What do blood diamonds, pangolins, and your medical records have in common? They are all worth a lot of money on the black market. Yes, that’s right, that old biopsy report and a few scribbles from your doctor about that embarrassing rash could be being sold off as you read this. It’s not just your medical history that’s valuable, but also how much personal information the records contain. They have your full name, phone number, address, date of birth, social security number, insurance details, and more. Can you imagine what could be done with all that information and a loose set of morals?
If it’s too early in the morning to be imaginative, here are a few of the many scams that can be perpetrated using your healthcare records. The information could be used to bill insurers for fake medical care, purchase drugs, open credit accounts, and—if you’re important enough—extortion.
Because they have so much potential for fraud and other crimes, your medical records command an impressive price on the darknet. A recent Reuters article said that they can fetch around $10 each, compared to around $1 for credit card numbers. Why you ask?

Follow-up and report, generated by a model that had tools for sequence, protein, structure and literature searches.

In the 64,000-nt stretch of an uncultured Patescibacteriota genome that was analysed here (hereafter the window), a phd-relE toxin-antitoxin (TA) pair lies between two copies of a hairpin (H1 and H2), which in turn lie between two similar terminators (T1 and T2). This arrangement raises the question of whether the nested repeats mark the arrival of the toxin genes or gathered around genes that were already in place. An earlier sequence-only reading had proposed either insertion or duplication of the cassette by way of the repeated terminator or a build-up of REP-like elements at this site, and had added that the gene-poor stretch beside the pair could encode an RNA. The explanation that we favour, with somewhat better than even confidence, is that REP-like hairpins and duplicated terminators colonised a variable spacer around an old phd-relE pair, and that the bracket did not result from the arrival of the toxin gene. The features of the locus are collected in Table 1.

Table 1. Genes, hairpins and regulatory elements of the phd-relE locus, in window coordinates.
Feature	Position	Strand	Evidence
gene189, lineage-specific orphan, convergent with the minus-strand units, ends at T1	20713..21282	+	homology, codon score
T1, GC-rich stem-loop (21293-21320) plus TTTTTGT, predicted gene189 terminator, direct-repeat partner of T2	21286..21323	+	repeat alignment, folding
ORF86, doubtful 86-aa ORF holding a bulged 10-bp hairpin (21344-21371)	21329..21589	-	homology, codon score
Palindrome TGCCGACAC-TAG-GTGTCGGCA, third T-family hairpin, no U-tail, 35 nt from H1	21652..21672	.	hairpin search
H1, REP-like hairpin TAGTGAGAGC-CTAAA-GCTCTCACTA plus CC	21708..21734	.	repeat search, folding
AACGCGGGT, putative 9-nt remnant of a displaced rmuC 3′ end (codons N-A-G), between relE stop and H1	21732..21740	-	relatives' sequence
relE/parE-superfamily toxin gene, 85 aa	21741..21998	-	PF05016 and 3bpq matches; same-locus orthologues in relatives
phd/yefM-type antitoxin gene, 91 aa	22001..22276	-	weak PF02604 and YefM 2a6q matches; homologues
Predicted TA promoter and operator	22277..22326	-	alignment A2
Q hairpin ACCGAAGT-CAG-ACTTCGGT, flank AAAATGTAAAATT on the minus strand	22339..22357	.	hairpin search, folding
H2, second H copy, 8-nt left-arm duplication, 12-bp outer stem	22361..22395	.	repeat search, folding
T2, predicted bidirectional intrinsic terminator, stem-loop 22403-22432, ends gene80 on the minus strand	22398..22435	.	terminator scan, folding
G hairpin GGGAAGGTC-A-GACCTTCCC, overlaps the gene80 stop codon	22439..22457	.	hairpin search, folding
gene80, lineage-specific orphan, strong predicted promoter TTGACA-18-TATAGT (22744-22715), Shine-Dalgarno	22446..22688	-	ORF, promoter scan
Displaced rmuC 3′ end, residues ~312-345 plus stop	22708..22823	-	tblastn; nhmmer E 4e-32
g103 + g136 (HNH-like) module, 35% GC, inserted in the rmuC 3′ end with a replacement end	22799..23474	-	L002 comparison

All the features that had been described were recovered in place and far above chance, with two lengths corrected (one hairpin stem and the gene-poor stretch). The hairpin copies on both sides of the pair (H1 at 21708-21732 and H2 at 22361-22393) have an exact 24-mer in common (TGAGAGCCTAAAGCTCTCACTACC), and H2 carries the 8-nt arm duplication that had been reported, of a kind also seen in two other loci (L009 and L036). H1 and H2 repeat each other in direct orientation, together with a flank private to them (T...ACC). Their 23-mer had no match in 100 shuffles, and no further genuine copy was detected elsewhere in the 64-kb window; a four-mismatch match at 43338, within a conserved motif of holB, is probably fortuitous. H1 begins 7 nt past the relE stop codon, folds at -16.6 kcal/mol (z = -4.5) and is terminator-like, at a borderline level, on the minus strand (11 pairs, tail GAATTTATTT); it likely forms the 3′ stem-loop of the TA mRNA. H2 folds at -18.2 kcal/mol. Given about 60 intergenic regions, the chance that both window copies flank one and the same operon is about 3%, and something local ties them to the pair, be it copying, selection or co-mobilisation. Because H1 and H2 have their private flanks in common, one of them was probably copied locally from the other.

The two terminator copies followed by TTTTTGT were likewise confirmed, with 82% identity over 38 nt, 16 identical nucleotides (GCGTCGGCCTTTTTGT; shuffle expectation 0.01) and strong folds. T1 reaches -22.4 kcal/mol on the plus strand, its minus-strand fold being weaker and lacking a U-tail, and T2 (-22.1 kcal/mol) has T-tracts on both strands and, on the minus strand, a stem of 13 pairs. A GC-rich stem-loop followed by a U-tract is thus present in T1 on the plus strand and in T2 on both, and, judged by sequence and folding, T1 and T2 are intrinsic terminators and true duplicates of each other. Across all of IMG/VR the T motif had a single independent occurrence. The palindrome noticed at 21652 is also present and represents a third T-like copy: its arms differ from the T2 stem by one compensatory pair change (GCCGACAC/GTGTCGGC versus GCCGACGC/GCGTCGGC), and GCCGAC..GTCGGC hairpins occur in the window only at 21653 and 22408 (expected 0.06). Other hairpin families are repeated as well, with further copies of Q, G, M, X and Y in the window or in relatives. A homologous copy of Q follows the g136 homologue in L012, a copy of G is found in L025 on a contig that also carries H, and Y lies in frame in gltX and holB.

Businesses should be just as concerned for medical record theft as patients. If compromised records are unencrypted, the organization must notify the patient by email or mail. If the quantity of records compromised exceeds 500, the organization must also notify relevant media outlets. Not only are these requirements expensive, they are also the type of PR that a do not want to have pointed at your business. Under the HITECH Act, a business can also be liable for up to $1.5 million in fines in addition to paying for damages. In a large-scale data breach, the totals costs could crush a business.
Last year, Anthem revealed that the information of almost 80 million people had been compromised. When accounting for the costs of notifying each individual, potential fines and damages, it is predicted that it will cost them more than $100 million. Considering that their insurance policy doesn’t cover any losses above that amount, the company could face real financial repercussions in addition to their already damaged reputation.
Big businesses aren’t the only ones susceptible to data breaches. In fact, many smaller companies are targeted because their lack of resources makes them easier to hack into. This year, a hacker group named TheDarkOverlord stole 655k medical records from smaller healthcare providers. The fallout from breaches like this can be devastating for businesses. Because of this, it is important that healthcare companies are managing their cyber risk appropriately.
Breaches affect your bottom line. Period. The core of our business is to ensure that your business stays healthy so that you can focus on keeping people healthy.